“We can’t allow money to disappear in the budget and not account for it,” said board member Michael Hughes, who was chosen by the board as the new vice chairman in the meeting following the work session.

Sullivan County Finance Director Larry Bailey and Mayor Richard Venable could not be reached Friday for comment on whether a new private act recently implemented, putting school finance more under the county’s umbrella, might have prompted the county to end the recreation funds.

Rafalowski said the school system requested the money, which in effect reimbursed the county for use of facilities, for 2021-22.The amount had been $300,000 annually for year and then went up to $1.1 million before dropping again to $300,000.

Rafalowski said the assumption is the $300,000 was shifted from recreation to risk management.

Board Chairman Randall Jones, re-elected chairman at the meeting after the work session, said the school system wants to give plenty of notifications to folks who use the school facilities if the fees are to be charged on a more widespread basis or even increased.

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Watch now: Teacher Spotlight on East High's Casey Martin as servant leader

Editor’s note: This is part of a series of Teacher Spotlight articles about educators nominated by principals in and around Kingsport.

BLUFF CITY — English teacher Casey Martin, a 13-year veteran of the faculty at Sullivan East High School, is in this week’s Times News Teacher Spotlight.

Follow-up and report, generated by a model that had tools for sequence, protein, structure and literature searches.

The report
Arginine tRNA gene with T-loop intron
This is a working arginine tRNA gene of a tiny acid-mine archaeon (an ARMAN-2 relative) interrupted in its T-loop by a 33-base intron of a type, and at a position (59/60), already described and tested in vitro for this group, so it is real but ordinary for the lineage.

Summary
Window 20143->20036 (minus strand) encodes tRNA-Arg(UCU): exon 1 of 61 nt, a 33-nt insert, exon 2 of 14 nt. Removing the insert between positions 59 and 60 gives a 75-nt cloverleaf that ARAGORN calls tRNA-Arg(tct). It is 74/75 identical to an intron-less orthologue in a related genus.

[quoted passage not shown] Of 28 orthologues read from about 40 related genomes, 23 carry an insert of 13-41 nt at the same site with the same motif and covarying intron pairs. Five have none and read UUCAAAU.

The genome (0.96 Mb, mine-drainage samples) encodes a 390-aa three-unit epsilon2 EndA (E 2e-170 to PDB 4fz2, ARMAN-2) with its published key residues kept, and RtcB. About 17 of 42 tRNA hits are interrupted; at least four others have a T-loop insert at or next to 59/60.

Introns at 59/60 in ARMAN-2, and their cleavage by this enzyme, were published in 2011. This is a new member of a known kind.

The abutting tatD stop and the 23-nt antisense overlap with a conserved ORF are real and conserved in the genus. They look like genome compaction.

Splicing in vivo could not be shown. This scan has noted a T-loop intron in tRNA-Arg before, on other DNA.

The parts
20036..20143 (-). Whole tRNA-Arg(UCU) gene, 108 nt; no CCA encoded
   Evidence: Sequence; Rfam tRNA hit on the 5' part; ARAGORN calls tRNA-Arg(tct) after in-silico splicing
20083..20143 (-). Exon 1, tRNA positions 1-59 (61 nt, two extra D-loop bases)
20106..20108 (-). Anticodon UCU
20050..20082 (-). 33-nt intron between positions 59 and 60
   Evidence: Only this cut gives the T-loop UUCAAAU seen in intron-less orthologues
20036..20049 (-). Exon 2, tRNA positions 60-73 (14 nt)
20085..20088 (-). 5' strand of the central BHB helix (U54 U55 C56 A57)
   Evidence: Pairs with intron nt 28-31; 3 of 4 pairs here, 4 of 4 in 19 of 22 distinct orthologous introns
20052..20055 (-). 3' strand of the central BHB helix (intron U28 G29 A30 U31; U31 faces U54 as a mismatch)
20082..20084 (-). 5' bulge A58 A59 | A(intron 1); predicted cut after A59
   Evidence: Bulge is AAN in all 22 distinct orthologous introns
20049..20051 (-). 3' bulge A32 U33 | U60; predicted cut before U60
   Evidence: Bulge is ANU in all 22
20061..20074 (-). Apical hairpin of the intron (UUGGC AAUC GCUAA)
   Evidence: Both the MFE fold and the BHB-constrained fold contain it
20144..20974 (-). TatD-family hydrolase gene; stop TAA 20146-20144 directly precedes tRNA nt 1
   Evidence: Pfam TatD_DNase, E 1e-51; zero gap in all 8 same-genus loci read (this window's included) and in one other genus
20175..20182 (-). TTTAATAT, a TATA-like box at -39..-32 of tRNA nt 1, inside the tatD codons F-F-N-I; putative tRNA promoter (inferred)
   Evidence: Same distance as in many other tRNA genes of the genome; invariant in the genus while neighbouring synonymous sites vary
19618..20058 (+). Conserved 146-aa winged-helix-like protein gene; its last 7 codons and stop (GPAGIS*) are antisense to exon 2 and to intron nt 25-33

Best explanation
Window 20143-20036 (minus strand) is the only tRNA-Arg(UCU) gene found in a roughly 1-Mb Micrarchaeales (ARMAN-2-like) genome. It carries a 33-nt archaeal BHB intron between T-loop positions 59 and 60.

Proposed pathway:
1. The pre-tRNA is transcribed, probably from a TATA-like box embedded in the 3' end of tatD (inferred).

East Principal Andy Hare nominated Martin, who is a Level 5 teacher (on a scale of 1 to 5), a mother and a foster parent.

“Casey is a graduate of Sullivan East High School and Virginia Intermont. She has been teaching for 13 years at Sullivan East as an ELA (English language arts) teacher,” Hare said. “She teaches 9th and 10th grade general English and 9th and 10th grade honors English. Additionally she teaches RTI (Response To Intervention) classes at Sullivan East.”

She also is an assistant graduation coordinator, Hare said.

“Ms. Martin, who has been a Level 5 teacher during her time at East, has an amazing relationship with her students. She is always prepared and uses student data to master the art of differentiated instruction with her students,” Hare said.

In addition, Hare said her care for her students does not end in the classroom.

“In addition to being the mother of two children, she and her husband are foster parents as well,” Hare said.

“She has been an example of servant leadership to everyone. She has personified through her action putting others’ needs ahead of her own,” Hare said. “We are blessed and honored to have Casey Martin as a teacher, mentor, and example of others at Sullivan East High School.”

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Tennessee Titans quarterback Ryan Tannehill, center, is hit by Jacksonville Jaguars outside linebacker Josh Allen (41) as he releases the ball during the first half of an NFL football game, Sunday, Oct. 10, 2021, in Jacksonville, Fla.